Face me, she said.
I turned to look at her.
She wasn’t looking at me. She was looking at the guy beside me.
I couldn’t blame her. He was much easier on the eyes. He wasn’t melting constantly or trailing viscera and gore or dropping body parts. Instead, he was blond-haired, blue-eyed, and, perhaps more importantly, still whole.
Wholesomeness is a quality I lack.
She saw me looking at her and turned around, pretended she had not said anything, but I heard her.
Face me, she had said. But she wasn’t talking to me. Maybe she wasn’t even talking at all.
Damn telepathy. It’s a real bitch sometimes. You’d think it would make things easier, a little more clear to hear other people’s thoughts, but sometimes other people’s thoughts are more confusing than your own. And then what? You’re left with someone else’s confusion, as if your own wasn’t enough.
So, I turned away. My arm fell and landed with a plop in a brown puddle beneath my feet. I didn’t look down at it. I didn’t reach down to pick it up with my other arm. That would be humiliating. Besides, what if my other arm fell off while reaching for my lost appendage? That would be a worse fate than any man could stand. So, I let it sit there and gather flies. I bled from the nub on my shoulder. I tried to smile at the others on our train.
I looked out the window. The sun was setting in rays of purple and orange. I grew itchy where my arm once was. I reached down to scratch. A new one was growing in its place. Only it wasn’t made of flesh. It was black and shiny, like a beetle’s carapace.
Reincarnation can be a bitch, too. It sometimes comes in fits and quibbles, not to be confused with shits and giggles.
I looked over at the blond-haired, blue-eyed dude. I noticed he no longer moved. The train bumped on the tracks. The man’s head bobbed back and forth a few times and then fell to the ground. It left a smear in the brown puddle on the floor as it rolled to a stop next to my lost arm.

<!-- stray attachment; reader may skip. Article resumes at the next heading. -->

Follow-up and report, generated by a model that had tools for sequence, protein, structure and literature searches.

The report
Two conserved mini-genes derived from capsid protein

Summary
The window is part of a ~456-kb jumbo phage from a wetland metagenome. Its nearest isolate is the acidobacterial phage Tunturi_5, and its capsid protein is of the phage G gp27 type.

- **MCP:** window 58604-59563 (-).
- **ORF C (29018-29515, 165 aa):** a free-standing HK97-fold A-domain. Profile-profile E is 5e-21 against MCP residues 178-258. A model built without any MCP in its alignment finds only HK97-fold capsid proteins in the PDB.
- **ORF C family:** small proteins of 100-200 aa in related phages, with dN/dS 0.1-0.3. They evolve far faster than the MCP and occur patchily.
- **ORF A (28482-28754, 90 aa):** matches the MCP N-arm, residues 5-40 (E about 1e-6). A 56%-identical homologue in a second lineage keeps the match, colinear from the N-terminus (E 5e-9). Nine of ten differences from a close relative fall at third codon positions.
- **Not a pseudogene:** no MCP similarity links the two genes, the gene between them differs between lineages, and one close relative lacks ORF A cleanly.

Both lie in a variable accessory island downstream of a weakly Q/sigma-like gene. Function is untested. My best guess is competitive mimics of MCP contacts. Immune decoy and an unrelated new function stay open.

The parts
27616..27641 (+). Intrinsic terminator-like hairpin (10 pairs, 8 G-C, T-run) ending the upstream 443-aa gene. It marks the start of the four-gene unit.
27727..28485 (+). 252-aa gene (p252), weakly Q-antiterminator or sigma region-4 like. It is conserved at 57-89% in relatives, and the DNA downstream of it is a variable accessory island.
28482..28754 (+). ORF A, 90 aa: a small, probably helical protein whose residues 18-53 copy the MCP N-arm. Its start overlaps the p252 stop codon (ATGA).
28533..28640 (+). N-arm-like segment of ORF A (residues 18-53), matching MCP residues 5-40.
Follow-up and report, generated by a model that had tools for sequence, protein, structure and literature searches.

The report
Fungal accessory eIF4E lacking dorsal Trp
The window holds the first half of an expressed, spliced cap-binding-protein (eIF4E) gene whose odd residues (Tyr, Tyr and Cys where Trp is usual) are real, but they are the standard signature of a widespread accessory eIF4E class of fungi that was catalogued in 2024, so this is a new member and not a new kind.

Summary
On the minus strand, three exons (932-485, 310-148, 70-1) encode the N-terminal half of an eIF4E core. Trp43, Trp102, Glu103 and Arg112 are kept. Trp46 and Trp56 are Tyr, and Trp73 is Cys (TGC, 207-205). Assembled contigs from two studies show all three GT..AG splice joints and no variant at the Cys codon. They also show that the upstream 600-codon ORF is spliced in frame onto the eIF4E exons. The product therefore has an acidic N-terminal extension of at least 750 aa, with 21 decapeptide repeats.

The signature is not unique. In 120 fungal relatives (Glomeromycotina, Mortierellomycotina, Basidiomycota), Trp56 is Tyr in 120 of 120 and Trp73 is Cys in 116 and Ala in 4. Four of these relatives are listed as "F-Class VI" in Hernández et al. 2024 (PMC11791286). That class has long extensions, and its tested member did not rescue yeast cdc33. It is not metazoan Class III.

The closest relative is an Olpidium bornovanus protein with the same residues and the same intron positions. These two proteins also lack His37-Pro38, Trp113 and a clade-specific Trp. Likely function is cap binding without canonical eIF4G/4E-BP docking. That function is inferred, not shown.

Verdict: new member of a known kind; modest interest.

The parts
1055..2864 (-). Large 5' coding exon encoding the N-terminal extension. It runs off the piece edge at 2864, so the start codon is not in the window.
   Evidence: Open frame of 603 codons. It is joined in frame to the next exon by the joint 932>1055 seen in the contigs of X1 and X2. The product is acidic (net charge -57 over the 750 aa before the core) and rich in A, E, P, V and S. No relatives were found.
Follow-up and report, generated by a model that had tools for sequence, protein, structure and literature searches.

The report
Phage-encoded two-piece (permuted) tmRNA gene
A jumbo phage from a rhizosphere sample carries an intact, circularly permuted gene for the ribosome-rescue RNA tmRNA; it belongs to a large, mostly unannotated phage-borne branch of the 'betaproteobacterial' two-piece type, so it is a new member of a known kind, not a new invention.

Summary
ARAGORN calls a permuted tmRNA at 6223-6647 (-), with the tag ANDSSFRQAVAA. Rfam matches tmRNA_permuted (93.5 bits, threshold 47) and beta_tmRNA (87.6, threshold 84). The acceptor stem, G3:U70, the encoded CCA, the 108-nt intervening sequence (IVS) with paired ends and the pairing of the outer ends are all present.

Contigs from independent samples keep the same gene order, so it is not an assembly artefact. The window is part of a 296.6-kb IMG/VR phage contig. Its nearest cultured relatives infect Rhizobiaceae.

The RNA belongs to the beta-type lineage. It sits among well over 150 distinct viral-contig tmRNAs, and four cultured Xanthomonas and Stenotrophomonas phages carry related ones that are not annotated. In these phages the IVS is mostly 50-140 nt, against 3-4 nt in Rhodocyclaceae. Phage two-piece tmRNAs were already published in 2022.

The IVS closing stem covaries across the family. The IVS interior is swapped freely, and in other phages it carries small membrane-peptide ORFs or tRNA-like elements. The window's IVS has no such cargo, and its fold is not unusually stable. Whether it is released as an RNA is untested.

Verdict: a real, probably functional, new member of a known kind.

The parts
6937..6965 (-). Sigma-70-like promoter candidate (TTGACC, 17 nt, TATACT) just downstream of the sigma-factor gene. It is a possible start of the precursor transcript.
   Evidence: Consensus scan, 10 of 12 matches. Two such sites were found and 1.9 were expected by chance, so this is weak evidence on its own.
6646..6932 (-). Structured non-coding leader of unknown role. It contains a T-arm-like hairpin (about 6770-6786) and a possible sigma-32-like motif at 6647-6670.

Face me, she said.
She got her wish: The head, but not the man, stared up at her, and she smiled.
I felt her joy and it confused me until she leaned over and began to gnaw on the dead man’s body.
See? she said, See? I told you I’d eat you one day.
A single tear fell from the dead head’s eye. I knocked it with my shoe to turn it away. Even though I didn’t know him – he had not said a single word since I got on the train – I thought the guy was a humongous and egotistical prick, I didn’t want him to see this woman – if she could be called a woman – eating what was left of his former well-built and wholesome humanity. Besides, maybe he really was a good guy, and I was just jealous.
She didn’t like it that I turned old blue-eyes’s head away. The woman turned on me. She leaped across the train. I reached up and stuck my new shiny black appendage through her like a stake. She shuddered. Foul grey gruel fountained out of her gaping mouth. There was a sudden pop, and then she turned into a Pomeranian. I named her Fluffy and knew that one day – if we ever got off this damn train – we’d have a great time. I’d take her on long walks through the country on Sundays, and if I died, I wouldn’t have to worry about funeral expenses or anything. She would just eat me.
And that would be okay. At least I’d have her attention.